August 24, 2014

NAFCU welcomes move toward eased fixed-assets rule

Aug. 1, 2014 – NAFCU welcomed NCUA's move to propose an easing in the fixed-assets rule – which the board announced during its meeting Thursday, and which NAFCU has long advocated for – and will closely review the proposal for its impact on member credit unions.

NAFCU Director of Regulatory Affairs Mike Coleman commented, "We are pleased NCUA is making an effort to provide more flexibility to credit unions in determining whether investing in particular fixed assets is in their members' best interest. NAFCU has long maintained that the fixed asset cap is arbitrary and unnecessary, and we welcome a change."

NAFCU included the measure on its "Dirty Dozen" list of rules that could be improved or eliminated. NAFCU staff will review the proposal, solicit input from members and issue a Regulatory Alert shortly.

NCUA Board Member Rick Metsger, when the board approved technical changes to the rule, noted last September that he supported a "substantive" look at the fixed assets rule. Board Chairman Debbie Matz thanked Metsger for initiating the effort at NCUA to get this proposal started. "NCUA shouldn't micromanage credit union business decisions like upgrading technology, updating facilities or making other purchases that have no impact on safety and soundness," she said.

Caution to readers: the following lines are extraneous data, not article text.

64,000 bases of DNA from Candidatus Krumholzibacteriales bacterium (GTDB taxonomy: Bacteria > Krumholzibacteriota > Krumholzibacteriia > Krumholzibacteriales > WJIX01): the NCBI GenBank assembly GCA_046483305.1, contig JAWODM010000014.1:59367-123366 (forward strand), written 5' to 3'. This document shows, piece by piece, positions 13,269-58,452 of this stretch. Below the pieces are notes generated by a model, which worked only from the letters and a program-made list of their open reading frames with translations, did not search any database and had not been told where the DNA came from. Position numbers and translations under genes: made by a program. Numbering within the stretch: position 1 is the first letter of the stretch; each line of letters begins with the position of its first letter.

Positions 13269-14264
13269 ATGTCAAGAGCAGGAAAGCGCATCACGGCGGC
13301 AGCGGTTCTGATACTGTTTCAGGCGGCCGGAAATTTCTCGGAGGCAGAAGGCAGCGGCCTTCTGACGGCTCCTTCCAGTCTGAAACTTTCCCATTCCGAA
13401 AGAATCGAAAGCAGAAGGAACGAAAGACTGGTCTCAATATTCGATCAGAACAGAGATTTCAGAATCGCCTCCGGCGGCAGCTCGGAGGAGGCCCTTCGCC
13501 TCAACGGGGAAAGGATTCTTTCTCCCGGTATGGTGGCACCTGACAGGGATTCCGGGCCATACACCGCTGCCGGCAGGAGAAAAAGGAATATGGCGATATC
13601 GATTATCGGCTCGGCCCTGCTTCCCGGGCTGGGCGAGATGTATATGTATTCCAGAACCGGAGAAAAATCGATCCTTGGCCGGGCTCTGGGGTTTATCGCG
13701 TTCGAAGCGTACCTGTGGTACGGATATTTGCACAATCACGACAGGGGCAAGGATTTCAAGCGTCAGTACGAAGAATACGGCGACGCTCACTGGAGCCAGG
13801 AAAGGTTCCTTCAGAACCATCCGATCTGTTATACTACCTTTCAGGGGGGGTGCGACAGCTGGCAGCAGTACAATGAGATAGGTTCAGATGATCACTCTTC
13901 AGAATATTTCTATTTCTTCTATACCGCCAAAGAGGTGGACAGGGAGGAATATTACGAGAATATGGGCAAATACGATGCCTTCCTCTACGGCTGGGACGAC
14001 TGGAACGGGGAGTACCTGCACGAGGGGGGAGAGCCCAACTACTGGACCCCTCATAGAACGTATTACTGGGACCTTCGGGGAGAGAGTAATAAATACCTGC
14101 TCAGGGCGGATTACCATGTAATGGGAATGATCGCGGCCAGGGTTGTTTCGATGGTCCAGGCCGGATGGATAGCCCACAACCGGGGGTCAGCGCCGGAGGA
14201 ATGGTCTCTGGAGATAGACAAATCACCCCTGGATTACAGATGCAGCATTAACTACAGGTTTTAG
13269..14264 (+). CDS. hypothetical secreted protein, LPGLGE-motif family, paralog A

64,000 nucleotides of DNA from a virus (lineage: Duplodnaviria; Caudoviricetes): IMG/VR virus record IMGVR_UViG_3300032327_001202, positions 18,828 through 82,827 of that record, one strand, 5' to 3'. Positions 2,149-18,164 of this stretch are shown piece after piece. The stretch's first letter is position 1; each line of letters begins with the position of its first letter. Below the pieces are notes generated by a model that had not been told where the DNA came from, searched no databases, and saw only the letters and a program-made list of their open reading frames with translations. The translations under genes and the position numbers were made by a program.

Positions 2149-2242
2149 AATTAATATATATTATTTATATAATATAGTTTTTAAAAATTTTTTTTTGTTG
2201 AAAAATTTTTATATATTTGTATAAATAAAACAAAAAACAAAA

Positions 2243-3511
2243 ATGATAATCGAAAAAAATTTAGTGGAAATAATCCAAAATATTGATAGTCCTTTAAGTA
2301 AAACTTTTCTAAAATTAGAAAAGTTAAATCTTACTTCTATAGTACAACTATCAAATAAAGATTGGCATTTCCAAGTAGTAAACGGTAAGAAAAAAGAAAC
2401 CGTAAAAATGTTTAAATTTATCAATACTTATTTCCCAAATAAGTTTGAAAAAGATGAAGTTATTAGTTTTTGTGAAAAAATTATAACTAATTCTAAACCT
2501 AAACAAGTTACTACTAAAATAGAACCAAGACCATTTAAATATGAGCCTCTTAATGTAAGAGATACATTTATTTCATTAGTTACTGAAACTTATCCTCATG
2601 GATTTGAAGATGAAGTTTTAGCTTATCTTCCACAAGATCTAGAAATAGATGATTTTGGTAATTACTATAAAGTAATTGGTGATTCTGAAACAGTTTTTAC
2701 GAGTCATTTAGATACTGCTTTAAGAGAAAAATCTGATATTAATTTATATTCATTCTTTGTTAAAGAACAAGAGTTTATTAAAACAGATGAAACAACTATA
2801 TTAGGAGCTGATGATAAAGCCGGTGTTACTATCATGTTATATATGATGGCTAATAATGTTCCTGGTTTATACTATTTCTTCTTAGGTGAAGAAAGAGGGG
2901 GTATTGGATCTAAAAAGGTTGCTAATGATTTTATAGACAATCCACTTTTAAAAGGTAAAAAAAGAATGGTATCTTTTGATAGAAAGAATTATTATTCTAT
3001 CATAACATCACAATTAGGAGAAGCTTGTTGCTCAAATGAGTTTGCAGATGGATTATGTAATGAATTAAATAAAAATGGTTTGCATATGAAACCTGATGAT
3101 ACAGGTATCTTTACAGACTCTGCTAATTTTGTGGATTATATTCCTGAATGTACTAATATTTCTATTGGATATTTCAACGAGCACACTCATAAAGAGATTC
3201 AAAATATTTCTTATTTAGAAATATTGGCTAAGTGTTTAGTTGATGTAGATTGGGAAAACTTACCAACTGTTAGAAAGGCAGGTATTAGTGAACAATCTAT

Thursday's proposed rule would remove the current requirement that federal credit unions seek NCUA approval before exceeding 5 percent investment in fixed assets and allow FCUs to set their own investment limits under an internal fixed assets management program. The FAM program would have to include a written board policy, board oversight and ongoing internal controls. The proposal is out for a 60-day comment period.

In addition to addressing the cap, the proposed rule would revise the occupancy requirement applied to premises acquired for future expansion. Where the current rule sets varied requirements on partial and full occupancy, today's proposal would establish a single requirement – partial occupancy within five years from acquisition, whether premises are improved or unimproved. Lastly, the proposal would ease the rule's waiver provision by allowing federal credit unions to apply for a waiver from the 5-year occupancy timeframe at any time that is appropriate.